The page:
Questionable Charity

I remember being taught in graduate school to see sentimentalism as unethical: we read 18th century accounts of gentlemen traveling to see mad people, tramps, and unfortunate rustics (leech-gatherers, solitary herdsmen, the whole Wordsworthian crew) and then learned the anti-sentimental critique. Surely my professors were right to teach me of the innate hypocrisy and condescension in people who seek out sights (and sites) of misery on which to exercise their sympathy. Such people are not working for social change but only angling to make themselves feel better. (I once heard an activist recount his dismay at the student who said her work at a local soup kitchen had transformed her. “I just hope it’s still here when my children come to college, so they can have the same opportunity,” she gushed.) This questionable charity is even the subject of my husband’s brilliant and thoughtful book about how Americans, at the turn of the last century, dealt with the tangles of charity and complicity.

Knowing all this, then, why is it that each Sunday night finds me eagerly awaiting ABC’s Extreme Home: Makeover Edition? Have you seen it? It’s a reality show in which a picturesquely troubled family gets their ramshackle home completely renovated in a week. (ABC sends them on vacation.) The families have autistic children or are expecting triplets or have lost a parent (or both parents) to violent or tragic deaths or have adopted children with special needs. These are all very good people on the margins of the middle class and the cute carpentry team swoops in and gives them indoor plumbing and makes sure each child has a nauseating theme bedroom (if the boy wants to be an architect, he will end up with a protractor footboard for sure).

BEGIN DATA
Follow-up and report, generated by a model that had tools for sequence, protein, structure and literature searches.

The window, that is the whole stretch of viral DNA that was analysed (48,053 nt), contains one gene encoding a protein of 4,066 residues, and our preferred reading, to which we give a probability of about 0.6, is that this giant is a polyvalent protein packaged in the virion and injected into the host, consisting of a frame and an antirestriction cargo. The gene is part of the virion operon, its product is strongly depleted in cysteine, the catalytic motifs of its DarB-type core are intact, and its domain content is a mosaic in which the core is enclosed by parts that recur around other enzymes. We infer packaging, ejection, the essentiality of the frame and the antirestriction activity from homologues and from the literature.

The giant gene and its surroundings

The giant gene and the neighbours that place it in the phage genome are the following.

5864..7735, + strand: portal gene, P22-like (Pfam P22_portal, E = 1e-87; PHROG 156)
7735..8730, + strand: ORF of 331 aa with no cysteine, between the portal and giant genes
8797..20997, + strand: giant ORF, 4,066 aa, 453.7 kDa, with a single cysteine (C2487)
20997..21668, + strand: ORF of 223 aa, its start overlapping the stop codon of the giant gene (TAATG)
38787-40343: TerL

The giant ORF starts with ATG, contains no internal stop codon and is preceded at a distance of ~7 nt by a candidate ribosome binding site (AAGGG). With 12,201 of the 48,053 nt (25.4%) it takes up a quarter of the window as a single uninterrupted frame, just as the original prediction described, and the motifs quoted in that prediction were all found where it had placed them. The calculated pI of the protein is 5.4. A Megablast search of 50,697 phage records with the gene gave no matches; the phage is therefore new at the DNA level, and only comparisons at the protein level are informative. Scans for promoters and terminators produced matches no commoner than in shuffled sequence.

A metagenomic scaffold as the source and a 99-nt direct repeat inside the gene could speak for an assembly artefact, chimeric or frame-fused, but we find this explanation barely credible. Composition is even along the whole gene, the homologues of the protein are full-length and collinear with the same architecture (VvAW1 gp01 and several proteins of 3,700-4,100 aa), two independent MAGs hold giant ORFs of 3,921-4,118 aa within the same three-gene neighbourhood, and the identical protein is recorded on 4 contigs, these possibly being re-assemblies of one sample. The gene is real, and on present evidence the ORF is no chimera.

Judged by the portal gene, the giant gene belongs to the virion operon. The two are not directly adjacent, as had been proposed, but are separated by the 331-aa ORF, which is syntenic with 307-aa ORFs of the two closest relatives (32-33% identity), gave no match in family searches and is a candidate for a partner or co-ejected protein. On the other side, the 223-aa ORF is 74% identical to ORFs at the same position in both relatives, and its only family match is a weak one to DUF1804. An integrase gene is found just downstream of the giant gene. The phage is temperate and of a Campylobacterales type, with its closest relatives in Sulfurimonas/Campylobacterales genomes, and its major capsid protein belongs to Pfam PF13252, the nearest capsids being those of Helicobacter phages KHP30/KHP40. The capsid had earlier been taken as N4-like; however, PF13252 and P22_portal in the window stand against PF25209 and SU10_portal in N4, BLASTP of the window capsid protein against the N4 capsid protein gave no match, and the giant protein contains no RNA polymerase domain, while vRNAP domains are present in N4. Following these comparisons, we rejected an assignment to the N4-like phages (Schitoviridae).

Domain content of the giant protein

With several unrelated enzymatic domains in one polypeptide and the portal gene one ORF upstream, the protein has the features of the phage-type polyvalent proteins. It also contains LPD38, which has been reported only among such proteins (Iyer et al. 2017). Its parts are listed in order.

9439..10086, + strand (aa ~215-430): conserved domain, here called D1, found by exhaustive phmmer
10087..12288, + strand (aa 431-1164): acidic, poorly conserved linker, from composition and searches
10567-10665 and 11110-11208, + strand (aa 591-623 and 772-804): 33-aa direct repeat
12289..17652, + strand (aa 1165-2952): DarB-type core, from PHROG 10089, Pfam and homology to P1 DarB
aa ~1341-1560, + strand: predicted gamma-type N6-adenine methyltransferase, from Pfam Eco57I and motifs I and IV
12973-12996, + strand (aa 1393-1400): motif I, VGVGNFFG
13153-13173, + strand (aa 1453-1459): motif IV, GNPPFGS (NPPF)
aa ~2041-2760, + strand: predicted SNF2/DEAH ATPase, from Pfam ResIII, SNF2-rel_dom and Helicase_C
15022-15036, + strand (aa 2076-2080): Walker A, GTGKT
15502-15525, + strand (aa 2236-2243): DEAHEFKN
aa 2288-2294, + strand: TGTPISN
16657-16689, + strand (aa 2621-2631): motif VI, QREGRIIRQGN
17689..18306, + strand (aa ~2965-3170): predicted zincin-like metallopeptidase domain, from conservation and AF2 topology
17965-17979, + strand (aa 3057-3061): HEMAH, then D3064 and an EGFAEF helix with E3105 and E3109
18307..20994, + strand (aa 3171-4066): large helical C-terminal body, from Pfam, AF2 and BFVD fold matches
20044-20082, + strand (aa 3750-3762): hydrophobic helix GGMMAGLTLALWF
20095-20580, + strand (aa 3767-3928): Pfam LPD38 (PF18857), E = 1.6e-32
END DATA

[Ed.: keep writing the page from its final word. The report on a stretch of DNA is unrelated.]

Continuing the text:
I’m unsettled by the ethics of this. I have come to think the anti-sentimental view too harsh—individual stories of how charity touches lives do matter. Habitat for Humanity and Heifer and Save the Children and other legitimate, worthy charities operate on just this principle. And there is something undeniably moving about seeing people’s worries lifted: “We’ve paid off your mortgage! And that’s not all, Sears [the whole show is an ad for Sears] has put thousands of dollars into your daughter’s college fund! But wait, moved by your work with AIDs orphans, Sir Elton John donated this new GRAND PIANO!!! Now you can play again!!” In the end, I guess this is merely reality t.v. and complicit with all the evils of the genre, only less so. (And I am not one to say that being less complicit makes something worse; I can’t stand all the cicada-eating in Fear Factor and have never watched more than a few seconds.) It is not taxing to watch and lets me be an 18th century sentimental tourist without having to even visit an unpleasant spot.

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